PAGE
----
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Transitioning from a Societal Paradigm to that of a Market Paradigm

“If you think you have discovered a great truth and it is not a paradox, I suspect you may be deceiving yourself.”

– M. Scott Peck, author of a popular self-help book, ‘The Road Less Travelled’

From an early age society, through our parents and our other experiences interacting with our social environment, teaches us fundamental principles to be able to survive and prosper in society. I call this the societal paradigm. Without these skills we are in danger of underachieving our full potential and, in extreme cases, without these skills, we could even die! As vital as these lifelong skills are for survival in society, they provide little or no assistance to our endeavors in the market.

The societal paradigm is time-grown and is programmed into nearly all individuals, particularly those from capitalist societies and communities, by just being a part of society.

Deploying one’s societal paradigm when trading the market will ensure that an individual remains ‘below the line’ and remains incompetent with respect to trading (this will be discussed in a future blog posting). To make the paradigm shift to that of thinking with a market paradigm, becoming empathetic with the market, and hence moving ‘above the line’ to trading competence, the individual requires a model or framework on which to base his/her new thinking.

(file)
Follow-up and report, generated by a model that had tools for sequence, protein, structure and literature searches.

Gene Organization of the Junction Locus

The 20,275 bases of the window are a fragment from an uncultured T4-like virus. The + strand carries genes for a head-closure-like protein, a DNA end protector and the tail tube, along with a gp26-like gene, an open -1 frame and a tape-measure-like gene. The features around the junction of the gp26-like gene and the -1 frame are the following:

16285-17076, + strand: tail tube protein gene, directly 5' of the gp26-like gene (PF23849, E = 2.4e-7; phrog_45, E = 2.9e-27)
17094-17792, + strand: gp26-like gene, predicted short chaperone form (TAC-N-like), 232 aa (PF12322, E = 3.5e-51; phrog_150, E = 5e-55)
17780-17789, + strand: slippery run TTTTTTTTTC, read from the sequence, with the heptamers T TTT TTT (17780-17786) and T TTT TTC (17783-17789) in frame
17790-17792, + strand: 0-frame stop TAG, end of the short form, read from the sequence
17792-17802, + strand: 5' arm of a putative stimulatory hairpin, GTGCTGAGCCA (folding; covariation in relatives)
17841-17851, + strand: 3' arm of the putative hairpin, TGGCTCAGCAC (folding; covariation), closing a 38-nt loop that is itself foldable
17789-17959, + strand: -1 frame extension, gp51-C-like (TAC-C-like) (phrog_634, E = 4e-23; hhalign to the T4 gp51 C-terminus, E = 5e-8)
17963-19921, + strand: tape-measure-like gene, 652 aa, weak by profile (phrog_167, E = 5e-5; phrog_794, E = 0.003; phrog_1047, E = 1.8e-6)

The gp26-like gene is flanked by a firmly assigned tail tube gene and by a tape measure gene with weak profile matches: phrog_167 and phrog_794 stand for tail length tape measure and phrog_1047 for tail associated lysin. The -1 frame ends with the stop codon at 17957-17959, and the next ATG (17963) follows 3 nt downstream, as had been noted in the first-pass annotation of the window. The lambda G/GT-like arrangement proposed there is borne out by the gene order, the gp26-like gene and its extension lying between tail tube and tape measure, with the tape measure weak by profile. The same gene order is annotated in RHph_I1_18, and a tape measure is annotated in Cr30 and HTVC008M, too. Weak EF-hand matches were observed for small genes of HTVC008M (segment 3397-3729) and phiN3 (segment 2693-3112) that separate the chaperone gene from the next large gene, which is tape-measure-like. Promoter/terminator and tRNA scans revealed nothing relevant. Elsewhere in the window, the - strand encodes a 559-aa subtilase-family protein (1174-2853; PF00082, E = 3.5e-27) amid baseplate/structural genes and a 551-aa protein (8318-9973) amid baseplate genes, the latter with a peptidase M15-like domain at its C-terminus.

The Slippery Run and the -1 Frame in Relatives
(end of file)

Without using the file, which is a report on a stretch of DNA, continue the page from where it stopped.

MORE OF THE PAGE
Let me state that very few active investors arrive at the market with the correct paradigm. Like most things in life achieving the correct paradigm requires a commitment to a learning process. But before you step into such a process many of you will need to admit that your current thinking is not conducive to being profitable in the market. Admitting this will be the first step to embarking on a journey.

A paradox is a proposition that is contrary to commonly accepted opinion but in reality expresses a possible truth.

There are many examples of the differences between a societal and a market paradigm. This week we’ll touch on just three of many paradoxical examples. The degree to which your current paradigm disagrees with these examples indicates the degree to which you need to change your thinking to achieve consistent out performance of the market benchmarks.

The propositions will seem absurd or contradictory to you and hence are paradoxes.

Societal Paradigm: Has to buy at a bargain or discount Vs Market Paradigm- Can buy high and sell higher.

Ever been to a Myer stock take sale and watched the hordes line up to save $10 on a shirt? People will sleep overnight in the cold just so they have the first opportunity to save a couple of dollars on a pair of shoes.